Similar manipulations made the GEAC clear GM brinjal in 2009. Monsanto, described by The Guardian of UK as "the world's most hated company", infiltrated the GEAC and also gave various research assignments to field researchers and sundry agricultural scientists in the country. The result was that Monsanto-flavoured research reached the GEAC for Mansanto-flavoured decisions. Activist Kavita Kuruganti publicly charged that the chairman of the Expert Committee appointed to examine the matter was "pressurised by the Agriculture Minister, GEAC and the industry" to clear GM brinjal. We were saved from it only because an alert minister, Jairam Ramesh, put it safely in Trishanku Swarga.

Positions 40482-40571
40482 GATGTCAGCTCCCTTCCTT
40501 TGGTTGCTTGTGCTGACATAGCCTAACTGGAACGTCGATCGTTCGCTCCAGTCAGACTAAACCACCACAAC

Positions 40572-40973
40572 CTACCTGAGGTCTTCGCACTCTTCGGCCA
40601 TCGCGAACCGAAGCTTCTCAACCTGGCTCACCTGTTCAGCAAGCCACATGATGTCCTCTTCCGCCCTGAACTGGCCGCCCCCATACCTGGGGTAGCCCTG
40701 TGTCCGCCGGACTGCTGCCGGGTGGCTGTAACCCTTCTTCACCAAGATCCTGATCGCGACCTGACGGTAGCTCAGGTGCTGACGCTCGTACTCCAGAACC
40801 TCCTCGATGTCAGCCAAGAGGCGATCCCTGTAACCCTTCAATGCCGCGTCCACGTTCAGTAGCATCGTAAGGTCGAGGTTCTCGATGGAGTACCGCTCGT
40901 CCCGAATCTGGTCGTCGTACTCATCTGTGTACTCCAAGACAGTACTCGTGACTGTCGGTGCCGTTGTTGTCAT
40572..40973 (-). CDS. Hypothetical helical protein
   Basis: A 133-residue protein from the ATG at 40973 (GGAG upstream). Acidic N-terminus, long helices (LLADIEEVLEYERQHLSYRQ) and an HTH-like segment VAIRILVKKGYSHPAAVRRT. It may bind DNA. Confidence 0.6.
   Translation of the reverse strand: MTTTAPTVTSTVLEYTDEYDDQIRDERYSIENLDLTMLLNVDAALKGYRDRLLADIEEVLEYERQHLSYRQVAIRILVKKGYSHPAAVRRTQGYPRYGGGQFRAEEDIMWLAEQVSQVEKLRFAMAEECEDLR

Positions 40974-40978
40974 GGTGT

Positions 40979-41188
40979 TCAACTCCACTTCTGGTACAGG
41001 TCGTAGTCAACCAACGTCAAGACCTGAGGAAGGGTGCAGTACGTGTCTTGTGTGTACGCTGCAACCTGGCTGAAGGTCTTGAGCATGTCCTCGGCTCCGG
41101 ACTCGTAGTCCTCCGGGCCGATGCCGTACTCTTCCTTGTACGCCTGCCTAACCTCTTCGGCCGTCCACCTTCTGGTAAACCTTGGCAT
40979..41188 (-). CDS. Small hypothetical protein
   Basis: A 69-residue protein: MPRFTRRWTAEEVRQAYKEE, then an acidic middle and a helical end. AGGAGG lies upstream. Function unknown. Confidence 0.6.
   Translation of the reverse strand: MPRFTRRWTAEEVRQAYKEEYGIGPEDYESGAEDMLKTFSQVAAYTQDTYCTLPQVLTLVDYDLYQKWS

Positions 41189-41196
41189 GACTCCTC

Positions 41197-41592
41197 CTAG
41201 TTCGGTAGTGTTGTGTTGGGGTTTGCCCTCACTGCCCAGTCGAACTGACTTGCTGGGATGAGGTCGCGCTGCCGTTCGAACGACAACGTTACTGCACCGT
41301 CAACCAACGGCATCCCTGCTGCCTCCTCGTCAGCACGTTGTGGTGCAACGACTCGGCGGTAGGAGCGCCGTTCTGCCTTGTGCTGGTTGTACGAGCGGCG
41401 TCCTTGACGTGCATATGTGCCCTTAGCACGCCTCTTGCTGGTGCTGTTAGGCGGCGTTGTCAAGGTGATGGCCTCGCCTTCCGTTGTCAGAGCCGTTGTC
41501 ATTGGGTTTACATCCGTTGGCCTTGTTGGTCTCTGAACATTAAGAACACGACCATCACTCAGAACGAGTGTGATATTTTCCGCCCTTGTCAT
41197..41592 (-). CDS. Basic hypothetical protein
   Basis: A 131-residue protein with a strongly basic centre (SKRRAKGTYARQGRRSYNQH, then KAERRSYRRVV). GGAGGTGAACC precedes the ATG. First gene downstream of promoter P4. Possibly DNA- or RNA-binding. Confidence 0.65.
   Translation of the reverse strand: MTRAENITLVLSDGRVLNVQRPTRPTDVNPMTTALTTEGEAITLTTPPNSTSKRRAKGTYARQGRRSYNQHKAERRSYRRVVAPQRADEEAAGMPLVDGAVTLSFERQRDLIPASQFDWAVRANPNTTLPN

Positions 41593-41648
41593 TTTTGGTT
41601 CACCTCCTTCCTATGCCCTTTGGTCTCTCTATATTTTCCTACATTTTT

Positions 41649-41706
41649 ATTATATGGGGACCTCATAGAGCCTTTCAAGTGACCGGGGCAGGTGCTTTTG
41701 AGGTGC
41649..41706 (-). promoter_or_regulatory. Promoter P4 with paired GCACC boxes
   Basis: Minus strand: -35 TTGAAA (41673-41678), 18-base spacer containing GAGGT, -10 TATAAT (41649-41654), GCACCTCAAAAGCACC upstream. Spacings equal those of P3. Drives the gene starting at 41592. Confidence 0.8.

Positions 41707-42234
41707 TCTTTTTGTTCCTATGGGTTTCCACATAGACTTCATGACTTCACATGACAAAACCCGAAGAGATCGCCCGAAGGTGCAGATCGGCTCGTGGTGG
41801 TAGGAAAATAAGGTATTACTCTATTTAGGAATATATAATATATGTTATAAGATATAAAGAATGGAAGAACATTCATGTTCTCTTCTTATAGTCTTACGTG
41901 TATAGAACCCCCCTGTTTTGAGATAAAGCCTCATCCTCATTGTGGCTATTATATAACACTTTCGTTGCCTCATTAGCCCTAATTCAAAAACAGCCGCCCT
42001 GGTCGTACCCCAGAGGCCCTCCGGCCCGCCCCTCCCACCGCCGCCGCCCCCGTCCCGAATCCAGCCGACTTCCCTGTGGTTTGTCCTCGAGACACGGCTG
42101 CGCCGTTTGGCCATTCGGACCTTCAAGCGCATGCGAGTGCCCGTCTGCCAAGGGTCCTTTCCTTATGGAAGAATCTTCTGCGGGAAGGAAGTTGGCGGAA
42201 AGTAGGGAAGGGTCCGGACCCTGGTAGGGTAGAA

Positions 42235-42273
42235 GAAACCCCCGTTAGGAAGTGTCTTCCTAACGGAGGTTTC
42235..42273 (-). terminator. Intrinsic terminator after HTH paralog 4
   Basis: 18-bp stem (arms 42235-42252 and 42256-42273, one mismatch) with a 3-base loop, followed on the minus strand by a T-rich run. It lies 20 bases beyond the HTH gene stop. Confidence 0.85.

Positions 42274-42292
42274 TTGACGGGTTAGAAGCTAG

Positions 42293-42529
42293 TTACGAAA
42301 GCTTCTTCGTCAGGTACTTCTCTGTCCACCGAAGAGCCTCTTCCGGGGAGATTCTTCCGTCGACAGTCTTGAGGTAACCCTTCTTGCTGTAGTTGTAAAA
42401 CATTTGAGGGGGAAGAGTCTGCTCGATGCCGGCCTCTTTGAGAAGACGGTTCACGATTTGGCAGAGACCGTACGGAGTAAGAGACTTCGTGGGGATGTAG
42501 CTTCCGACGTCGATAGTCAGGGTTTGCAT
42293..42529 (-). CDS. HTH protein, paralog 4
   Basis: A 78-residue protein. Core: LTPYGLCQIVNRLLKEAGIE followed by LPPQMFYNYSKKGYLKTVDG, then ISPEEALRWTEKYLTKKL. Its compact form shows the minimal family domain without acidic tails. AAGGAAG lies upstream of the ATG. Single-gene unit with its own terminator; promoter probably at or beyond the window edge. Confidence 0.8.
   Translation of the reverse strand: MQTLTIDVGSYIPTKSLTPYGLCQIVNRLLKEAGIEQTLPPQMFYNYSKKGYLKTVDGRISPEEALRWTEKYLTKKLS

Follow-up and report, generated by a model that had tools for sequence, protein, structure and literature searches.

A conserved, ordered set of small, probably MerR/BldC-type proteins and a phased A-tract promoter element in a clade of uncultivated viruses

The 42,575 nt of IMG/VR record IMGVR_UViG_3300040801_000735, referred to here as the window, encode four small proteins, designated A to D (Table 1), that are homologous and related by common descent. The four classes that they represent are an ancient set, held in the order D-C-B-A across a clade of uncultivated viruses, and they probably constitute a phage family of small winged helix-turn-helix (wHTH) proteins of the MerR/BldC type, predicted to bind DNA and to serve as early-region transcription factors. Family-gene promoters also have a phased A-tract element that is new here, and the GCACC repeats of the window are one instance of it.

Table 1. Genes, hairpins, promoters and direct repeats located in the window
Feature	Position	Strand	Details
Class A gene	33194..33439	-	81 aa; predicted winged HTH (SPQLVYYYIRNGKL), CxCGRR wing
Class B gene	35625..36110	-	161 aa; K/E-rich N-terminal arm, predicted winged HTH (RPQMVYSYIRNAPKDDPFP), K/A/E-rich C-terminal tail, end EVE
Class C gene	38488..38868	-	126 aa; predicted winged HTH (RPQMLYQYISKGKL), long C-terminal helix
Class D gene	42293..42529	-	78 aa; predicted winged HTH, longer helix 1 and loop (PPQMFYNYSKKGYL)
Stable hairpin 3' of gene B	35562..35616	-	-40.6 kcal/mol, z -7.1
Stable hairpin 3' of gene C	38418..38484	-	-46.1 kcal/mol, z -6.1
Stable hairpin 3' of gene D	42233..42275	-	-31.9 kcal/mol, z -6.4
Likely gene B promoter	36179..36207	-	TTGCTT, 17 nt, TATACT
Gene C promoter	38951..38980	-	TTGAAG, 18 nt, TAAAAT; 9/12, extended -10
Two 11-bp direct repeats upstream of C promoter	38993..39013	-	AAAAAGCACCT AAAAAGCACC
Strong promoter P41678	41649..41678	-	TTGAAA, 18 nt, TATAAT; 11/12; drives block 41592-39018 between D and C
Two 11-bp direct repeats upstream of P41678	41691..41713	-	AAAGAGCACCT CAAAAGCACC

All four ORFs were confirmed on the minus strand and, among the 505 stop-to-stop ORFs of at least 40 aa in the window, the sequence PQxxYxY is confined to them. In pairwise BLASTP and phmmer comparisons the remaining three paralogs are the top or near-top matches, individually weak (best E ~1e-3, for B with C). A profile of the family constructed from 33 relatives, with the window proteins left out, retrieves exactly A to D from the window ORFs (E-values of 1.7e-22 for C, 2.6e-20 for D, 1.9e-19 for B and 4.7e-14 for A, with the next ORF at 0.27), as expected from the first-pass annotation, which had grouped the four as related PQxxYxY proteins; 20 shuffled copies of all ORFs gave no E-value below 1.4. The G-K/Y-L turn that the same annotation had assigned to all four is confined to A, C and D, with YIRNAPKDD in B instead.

The lobbyists turned smarter this time. They presented GM mustard as the product of a Delhi University team's research. This was followed by another report: The genes that went into the DU mustard was the property of Bayer, a merged part of Monsanto. Three giant corporations including Monsanto-Bayer control both the seeds market and the pesticide market globally. It's a win-win situation for them and Swadeshi scientists, too, necessarily work as their foot soldiers.